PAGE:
Two brutalized Gbagyi indigenes die in Army custody

Nigerian Army
Nigerian Army

Two of the 59 villagers who were arrested during the August military/communal clash in Bosso Local Government of Niger State have died in detention, it was learnt yesterday.

A witness, Mamman Adamu, yesterday told the Justice Mohammed Mohammed-led Commission of Inquiry that the deceased were beaten until they bled to death, “even after they were confirmed dead, the soldiers still used their big stick on them.”

Adamu, who was cross examined by lead counsel to the Commission, Mrs. Janus, said he and his brother, Abubakar Adamu, were arrested as they returned to the village.

He added that they spent seven days in detention, five of which they were subjected to a high degree of torture. They were also rejected at the Criminal Investigation Intelligence Department (SCIID) because of their wounds.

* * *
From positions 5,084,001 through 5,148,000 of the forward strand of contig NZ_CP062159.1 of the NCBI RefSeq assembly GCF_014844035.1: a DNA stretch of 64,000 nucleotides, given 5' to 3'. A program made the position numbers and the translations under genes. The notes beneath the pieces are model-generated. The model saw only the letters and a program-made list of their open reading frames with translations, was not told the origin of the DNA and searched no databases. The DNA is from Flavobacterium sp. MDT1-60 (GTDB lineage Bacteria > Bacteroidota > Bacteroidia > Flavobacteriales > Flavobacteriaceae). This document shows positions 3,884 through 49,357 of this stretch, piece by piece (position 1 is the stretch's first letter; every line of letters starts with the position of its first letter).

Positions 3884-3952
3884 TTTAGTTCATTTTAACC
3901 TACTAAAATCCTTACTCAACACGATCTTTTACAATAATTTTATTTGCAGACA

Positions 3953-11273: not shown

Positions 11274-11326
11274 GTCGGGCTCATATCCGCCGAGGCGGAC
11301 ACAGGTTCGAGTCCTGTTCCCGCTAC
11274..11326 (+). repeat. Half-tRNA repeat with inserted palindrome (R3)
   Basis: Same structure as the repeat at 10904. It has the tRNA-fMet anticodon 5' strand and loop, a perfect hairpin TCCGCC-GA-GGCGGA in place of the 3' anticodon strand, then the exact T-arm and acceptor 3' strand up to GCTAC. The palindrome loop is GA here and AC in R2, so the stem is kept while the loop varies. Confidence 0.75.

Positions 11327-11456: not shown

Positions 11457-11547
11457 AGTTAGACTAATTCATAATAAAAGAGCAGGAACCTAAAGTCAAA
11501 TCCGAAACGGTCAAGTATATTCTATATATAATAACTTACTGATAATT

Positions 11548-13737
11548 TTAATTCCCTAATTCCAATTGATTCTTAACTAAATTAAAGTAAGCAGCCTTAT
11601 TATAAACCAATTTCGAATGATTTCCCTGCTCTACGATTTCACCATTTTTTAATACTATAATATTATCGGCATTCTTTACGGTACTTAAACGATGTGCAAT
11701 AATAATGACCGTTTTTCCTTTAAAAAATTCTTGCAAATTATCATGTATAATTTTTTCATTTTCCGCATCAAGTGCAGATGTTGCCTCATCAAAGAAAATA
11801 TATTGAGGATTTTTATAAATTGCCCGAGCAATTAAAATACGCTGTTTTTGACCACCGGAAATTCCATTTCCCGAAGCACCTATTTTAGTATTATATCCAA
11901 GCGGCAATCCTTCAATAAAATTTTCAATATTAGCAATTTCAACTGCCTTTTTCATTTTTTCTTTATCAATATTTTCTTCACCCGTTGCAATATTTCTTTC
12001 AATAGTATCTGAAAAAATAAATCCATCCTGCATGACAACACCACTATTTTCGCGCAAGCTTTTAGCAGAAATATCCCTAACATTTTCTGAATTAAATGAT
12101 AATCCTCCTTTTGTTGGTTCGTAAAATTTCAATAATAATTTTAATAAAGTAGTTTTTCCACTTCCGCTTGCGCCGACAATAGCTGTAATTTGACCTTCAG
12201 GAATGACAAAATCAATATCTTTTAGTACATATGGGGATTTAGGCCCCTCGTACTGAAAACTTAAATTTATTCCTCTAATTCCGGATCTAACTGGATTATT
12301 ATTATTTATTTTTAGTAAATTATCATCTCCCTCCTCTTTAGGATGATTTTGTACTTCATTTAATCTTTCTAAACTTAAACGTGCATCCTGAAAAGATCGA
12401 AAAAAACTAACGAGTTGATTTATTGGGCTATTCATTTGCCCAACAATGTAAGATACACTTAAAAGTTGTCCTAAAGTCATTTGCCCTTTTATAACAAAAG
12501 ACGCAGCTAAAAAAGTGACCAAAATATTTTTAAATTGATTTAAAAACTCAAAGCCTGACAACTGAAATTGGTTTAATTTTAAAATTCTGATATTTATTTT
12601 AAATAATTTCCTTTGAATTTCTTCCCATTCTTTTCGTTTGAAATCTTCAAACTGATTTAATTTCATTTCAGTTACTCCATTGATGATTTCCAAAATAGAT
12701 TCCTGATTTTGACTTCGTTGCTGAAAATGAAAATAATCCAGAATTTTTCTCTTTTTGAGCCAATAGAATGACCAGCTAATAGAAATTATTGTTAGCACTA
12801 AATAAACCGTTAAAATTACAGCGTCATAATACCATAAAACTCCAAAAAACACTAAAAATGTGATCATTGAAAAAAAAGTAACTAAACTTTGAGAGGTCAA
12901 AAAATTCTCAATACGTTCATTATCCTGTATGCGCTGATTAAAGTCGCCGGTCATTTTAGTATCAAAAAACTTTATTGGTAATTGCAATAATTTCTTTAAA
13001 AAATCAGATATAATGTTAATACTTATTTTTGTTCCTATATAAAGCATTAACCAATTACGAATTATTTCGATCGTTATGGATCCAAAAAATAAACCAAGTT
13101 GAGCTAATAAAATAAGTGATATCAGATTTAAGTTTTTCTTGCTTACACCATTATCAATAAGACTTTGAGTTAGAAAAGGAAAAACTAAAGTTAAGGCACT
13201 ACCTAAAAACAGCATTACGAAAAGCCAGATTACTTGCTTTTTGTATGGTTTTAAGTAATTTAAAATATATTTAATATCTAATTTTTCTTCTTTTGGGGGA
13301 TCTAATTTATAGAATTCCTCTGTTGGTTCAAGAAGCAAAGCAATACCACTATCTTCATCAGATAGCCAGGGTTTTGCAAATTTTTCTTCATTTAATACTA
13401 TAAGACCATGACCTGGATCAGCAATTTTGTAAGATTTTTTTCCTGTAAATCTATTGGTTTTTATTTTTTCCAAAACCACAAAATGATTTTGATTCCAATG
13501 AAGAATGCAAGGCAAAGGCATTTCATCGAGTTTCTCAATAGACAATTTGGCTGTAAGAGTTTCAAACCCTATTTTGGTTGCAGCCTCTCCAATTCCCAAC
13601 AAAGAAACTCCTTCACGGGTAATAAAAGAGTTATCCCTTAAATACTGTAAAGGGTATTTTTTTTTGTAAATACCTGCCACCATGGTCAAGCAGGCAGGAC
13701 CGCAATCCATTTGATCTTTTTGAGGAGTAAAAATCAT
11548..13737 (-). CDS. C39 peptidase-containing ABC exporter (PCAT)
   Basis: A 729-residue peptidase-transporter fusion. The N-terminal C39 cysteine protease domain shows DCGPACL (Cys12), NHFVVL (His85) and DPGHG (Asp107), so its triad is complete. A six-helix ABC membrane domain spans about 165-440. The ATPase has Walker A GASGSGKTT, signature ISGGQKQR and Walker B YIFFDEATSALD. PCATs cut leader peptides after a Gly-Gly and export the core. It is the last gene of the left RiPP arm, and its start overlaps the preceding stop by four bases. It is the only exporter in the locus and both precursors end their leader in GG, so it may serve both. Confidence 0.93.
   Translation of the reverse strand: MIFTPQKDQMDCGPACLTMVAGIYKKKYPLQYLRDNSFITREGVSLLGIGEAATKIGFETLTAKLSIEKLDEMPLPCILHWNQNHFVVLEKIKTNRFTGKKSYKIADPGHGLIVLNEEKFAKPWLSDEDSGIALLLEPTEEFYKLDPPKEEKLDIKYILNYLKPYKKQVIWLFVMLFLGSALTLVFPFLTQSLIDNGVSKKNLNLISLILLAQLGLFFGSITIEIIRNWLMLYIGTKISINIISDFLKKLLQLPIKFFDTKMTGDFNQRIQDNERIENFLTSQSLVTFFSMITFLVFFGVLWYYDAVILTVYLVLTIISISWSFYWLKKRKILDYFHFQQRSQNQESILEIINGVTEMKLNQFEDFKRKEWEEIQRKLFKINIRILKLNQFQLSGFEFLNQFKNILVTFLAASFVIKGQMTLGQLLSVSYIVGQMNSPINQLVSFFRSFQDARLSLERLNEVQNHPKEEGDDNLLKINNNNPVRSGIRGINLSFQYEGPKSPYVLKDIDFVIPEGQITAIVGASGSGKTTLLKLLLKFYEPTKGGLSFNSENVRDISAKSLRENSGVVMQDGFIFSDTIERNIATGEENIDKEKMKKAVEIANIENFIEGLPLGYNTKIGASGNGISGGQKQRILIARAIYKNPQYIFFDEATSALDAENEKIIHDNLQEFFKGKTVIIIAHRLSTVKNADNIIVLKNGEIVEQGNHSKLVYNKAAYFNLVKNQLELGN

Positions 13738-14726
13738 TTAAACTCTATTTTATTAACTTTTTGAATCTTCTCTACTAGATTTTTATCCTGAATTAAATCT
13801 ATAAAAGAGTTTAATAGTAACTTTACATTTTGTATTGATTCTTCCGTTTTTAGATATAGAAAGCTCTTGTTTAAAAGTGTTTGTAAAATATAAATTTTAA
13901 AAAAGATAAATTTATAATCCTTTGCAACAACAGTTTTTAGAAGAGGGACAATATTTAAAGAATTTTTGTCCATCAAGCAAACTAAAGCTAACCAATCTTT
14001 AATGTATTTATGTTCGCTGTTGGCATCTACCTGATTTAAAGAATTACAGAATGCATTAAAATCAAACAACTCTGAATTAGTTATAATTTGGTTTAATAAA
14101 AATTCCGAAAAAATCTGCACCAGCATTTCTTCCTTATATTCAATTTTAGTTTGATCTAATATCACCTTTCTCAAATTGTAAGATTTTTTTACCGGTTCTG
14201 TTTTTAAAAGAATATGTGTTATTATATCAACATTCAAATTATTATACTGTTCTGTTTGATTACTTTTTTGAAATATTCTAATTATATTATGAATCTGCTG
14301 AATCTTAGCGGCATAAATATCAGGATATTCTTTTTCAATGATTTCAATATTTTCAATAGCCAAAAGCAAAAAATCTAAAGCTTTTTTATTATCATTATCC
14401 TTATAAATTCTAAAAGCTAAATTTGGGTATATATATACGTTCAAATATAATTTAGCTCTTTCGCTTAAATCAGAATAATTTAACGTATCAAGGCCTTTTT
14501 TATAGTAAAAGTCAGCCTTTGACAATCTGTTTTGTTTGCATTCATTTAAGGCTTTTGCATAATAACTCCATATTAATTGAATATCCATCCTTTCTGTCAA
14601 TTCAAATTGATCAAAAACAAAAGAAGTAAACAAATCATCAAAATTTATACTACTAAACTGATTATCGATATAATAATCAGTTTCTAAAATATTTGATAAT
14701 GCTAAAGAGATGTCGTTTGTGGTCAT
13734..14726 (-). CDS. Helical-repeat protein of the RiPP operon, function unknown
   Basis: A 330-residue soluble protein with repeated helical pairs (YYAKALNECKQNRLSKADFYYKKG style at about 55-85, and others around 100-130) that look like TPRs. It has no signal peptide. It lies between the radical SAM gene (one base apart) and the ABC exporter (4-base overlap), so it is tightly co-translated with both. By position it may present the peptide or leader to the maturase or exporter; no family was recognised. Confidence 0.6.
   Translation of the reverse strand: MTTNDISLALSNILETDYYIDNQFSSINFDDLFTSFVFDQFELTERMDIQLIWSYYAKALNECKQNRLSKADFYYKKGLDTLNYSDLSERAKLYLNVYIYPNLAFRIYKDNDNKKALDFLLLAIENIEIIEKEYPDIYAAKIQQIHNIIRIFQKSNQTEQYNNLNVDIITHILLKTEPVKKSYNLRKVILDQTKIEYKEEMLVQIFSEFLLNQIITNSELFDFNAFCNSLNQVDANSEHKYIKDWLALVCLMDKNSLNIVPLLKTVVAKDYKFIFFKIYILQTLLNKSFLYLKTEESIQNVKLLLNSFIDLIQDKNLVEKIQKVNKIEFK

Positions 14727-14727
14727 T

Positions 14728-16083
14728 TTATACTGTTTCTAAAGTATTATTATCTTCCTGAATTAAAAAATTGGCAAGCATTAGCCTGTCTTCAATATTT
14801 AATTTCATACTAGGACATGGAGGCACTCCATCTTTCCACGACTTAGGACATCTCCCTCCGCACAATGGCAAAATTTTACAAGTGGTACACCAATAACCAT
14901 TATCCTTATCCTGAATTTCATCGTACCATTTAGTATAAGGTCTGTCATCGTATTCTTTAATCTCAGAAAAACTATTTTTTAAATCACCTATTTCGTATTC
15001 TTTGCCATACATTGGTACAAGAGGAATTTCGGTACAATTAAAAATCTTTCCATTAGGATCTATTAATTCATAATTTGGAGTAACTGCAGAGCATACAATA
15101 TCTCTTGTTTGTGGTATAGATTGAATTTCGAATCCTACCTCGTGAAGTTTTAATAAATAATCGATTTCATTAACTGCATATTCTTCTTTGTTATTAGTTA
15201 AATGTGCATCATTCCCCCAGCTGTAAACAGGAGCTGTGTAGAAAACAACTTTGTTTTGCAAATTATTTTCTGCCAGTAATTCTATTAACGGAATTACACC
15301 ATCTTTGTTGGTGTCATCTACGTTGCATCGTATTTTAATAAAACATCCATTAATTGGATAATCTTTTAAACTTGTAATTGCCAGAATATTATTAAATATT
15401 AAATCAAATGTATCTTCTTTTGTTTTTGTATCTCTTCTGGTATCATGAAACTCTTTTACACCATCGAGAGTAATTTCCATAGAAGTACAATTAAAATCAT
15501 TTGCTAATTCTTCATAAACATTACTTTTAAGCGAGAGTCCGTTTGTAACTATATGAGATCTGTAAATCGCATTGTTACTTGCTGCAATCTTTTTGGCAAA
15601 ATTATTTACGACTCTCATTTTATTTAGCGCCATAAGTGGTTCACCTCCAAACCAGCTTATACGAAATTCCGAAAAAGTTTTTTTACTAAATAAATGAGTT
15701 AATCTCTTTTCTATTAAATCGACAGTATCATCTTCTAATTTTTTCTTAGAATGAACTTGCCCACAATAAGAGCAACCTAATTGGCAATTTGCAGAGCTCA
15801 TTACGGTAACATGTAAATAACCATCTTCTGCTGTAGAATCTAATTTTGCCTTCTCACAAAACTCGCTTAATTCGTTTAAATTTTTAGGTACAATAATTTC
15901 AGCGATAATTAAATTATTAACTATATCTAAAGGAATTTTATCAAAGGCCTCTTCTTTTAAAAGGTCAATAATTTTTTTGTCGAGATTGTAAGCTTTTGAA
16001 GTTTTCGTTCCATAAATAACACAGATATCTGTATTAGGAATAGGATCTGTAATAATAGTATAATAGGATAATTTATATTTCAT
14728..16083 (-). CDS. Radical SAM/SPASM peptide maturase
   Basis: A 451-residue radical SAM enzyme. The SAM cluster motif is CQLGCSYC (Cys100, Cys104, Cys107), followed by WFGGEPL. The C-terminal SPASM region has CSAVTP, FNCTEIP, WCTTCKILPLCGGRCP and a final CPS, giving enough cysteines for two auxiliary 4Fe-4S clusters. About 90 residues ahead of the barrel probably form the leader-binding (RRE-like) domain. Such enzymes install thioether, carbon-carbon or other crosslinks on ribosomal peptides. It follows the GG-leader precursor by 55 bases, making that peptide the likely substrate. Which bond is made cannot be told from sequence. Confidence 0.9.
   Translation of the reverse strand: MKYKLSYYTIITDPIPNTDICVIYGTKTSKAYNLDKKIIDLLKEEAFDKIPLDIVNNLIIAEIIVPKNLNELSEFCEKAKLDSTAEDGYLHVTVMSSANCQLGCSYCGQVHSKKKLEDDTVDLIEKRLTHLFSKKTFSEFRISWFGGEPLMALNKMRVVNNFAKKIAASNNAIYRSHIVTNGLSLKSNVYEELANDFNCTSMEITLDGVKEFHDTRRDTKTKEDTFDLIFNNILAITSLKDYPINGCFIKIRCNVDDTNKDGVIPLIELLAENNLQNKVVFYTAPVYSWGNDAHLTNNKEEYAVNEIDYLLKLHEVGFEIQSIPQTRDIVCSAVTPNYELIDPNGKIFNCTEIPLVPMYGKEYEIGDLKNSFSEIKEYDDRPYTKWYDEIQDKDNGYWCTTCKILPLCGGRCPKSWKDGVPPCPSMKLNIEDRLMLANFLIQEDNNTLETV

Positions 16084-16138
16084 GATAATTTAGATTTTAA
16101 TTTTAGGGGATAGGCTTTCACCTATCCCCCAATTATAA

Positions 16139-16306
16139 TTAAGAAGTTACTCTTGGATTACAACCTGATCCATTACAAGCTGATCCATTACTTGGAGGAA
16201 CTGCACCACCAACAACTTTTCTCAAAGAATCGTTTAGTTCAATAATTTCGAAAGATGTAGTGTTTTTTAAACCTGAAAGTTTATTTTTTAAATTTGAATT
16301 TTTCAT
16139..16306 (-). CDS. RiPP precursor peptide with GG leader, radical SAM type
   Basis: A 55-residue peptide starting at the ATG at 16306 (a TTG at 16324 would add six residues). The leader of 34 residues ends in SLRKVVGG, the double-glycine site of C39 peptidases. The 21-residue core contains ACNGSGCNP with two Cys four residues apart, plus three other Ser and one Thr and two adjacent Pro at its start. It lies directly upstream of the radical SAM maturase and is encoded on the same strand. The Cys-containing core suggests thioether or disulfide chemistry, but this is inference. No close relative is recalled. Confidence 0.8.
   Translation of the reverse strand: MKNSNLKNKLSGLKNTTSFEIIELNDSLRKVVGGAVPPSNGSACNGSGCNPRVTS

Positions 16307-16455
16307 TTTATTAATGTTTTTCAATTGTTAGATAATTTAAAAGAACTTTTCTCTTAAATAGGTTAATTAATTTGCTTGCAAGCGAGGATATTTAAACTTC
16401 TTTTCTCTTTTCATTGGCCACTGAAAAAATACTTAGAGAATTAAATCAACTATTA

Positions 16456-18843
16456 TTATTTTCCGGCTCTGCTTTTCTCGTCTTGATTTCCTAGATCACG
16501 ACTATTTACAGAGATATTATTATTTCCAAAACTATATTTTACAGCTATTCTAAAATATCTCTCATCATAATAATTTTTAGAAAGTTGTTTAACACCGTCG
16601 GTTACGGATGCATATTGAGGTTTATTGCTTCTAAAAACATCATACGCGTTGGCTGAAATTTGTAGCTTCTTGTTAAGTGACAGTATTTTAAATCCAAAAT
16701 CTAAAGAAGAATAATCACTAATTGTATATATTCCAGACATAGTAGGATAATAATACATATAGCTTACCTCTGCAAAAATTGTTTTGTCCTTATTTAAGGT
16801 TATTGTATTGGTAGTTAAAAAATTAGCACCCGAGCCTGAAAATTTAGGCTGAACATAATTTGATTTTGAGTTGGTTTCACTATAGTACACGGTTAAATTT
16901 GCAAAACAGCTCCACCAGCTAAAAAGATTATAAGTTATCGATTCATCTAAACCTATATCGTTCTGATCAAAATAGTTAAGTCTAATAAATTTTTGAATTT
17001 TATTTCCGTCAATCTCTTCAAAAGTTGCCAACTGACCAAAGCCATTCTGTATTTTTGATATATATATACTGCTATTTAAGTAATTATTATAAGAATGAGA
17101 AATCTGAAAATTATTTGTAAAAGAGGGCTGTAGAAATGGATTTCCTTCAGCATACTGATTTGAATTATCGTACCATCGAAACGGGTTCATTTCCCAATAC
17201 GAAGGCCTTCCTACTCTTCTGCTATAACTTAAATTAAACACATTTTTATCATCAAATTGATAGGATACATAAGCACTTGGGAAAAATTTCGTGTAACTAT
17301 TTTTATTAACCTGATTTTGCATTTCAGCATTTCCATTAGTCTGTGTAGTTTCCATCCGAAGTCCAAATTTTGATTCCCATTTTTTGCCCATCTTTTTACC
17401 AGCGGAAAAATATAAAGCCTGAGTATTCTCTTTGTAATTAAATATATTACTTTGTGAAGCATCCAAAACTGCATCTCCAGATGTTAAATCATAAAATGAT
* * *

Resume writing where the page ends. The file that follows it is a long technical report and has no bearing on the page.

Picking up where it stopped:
“The police at the SCIID rejected us because of the nature of the wounds they saw on our bodies. By then, the smell from our wounds did not allow the police take us from the Army,” Adamu said.

Another witness, Mohammed Mobayi, said the soldiers stole N2.4 million from his room.

He alleged that the soldiers barged into his house and demanded for money. After giving them, they tied him and took him to their barracks where they tortured and broke his legs.

Mobayo, who could not stand while testifying, said he was a farmer and the money stolen was part of the proceeds from the yams he sold.

But the military and Airforce lawyer, Lt.-Col. Micheal Ede Edom, said the Nigeria Army Headquarter would not release the soldiers who carried out the search operation to testify as it is against national security.

Edom, who regretted his inability to present them before the commission, said most of the soldiers were now involved in other security operations.

Justice Mohammed however insisted that the counsel to the military and Airforce should ensure that the soldiers involved in the operation appear before the commission to testify.

He stressed on the need for the commission to hear their side of the story.

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